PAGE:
Signaling another victory for in the container orchestration marketplace, Microsoft recently announced that it will retire its Azure Container Service in January 2020. ACS users are being encouraged to move their distributed infrastructures across to Microsoft’s .
It’s a logical move for Microsoft. While ACS’s alternative orchestration options for and Mesosphere’s DC/OS will continue to be supported on Azure, Microsoft will no longer run them for you. Instead, Microsoft is concentrating its investment on improving Kubernetes support across Azure and on its own Kubernetes tools.
What happens to your existing ACS apps
While ACS is being retired, applications built on it won’t suddenly stop running. The APIs used to manage them will be blocked, so you have no control and you won’t be able to use Azure tools to add new clusters or update and scale your existing services. There’ll also be no support, so although code will run you won’t be able to manage it without using your own tools—and even then those capabilities will be limited. You’ll also be locked into an old version of whatever orchestration framework you’re using, and you won’t be able to rely on automated security updates.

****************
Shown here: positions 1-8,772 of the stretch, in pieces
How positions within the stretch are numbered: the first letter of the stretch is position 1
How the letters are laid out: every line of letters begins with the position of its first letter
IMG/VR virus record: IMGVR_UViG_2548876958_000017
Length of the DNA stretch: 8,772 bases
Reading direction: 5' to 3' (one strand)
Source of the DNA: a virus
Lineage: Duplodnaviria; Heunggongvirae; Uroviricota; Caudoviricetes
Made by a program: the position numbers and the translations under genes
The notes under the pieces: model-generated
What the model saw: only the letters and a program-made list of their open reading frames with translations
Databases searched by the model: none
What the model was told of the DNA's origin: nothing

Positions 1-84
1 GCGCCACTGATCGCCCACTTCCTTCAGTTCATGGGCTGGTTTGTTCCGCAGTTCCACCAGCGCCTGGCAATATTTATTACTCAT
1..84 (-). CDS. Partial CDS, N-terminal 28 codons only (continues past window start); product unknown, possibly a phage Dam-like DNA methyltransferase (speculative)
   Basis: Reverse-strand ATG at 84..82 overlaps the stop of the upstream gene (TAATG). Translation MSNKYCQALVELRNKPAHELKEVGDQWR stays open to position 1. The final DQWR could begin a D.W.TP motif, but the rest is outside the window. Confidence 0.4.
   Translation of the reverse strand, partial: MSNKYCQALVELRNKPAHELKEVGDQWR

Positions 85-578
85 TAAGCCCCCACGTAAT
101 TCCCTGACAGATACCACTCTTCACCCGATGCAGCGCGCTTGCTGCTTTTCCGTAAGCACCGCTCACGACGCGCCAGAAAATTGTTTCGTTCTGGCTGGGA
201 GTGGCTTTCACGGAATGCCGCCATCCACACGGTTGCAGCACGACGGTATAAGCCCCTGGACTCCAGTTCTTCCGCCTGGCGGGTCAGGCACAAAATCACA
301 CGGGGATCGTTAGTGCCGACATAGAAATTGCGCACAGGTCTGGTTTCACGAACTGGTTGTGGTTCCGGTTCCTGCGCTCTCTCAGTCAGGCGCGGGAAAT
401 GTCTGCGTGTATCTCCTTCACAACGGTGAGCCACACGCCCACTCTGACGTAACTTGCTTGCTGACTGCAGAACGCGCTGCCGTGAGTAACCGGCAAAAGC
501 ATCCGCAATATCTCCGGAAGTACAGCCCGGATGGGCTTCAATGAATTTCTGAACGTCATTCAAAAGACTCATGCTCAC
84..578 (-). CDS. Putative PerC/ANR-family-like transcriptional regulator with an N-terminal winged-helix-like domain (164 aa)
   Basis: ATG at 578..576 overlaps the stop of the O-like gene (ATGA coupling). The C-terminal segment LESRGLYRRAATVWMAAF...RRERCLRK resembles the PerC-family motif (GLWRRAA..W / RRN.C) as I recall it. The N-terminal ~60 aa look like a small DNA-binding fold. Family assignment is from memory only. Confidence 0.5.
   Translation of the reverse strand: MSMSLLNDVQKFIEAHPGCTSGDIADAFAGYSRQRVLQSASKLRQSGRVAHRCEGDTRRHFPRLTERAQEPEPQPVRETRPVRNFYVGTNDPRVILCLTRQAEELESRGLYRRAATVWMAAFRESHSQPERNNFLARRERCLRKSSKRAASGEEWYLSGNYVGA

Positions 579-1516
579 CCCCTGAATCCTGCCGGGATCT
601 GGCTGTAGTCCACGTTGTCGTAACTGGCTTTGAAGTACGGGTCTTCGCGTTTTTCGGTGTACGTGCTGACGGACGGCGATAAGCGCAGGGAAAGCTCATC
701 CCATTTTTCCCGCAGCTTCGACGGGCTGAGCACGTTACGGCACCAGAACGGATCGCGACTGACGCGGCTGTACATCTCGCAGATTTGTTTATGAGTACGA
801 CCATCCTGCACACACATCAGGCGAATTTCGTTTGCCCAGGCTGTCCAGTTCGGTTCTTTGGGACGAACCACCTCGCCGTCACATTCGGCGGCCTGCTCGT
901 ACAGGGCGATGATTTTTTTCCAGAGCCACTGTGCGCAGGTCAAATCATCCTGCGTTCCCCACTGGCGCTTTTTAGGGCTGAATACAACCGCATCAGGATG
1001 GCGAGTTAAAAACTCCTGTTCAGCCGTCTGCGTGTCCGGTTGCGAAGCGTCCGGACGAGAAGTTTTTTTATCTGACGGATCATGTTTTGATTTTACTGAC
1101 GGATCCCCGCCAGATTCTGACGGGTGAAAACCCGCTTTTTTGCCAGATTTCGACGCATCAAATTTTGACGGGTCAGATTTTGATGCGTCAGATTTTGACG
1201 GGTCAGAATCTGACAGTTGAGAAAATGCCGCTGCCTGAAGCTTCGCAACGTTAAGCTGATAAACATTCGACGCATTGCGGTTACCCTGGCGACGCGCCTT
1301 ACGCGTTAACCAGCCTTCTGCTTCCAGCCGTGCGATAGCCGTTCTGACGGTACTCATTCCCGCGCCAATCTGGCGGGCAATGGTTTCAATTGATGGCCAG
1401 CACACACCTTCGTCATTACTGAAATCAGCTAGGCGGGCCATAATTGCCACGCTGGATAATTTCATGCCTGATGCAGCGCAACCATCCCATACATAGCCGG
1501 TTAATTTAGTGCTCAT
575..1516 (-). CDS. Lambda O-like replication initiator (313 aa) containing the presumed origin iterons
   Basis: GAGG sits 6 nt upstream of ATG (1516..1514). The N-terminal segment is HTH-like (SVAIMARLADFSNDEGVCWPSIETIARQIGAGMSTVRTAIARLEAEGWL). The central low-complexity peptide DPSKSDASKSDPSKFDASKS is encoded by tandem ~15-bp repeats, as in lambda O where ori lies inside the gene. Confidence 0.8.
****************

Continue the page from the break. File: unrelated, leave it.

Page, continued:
It’s clear that the added risk from staying on ACS after January 2020 will be too high for most applications, so take the year Microsoft is providing to plan and manage any migrations.
For ACS applications using Kubernetes, that won’t be too difficult. But because the underlying orchestration concepts and tools will be different for Swarm and DC/OS, code that’s build on them will be harder to move. Even there, though, because all the services rely on the same container model, you won’t need to make significant code changes.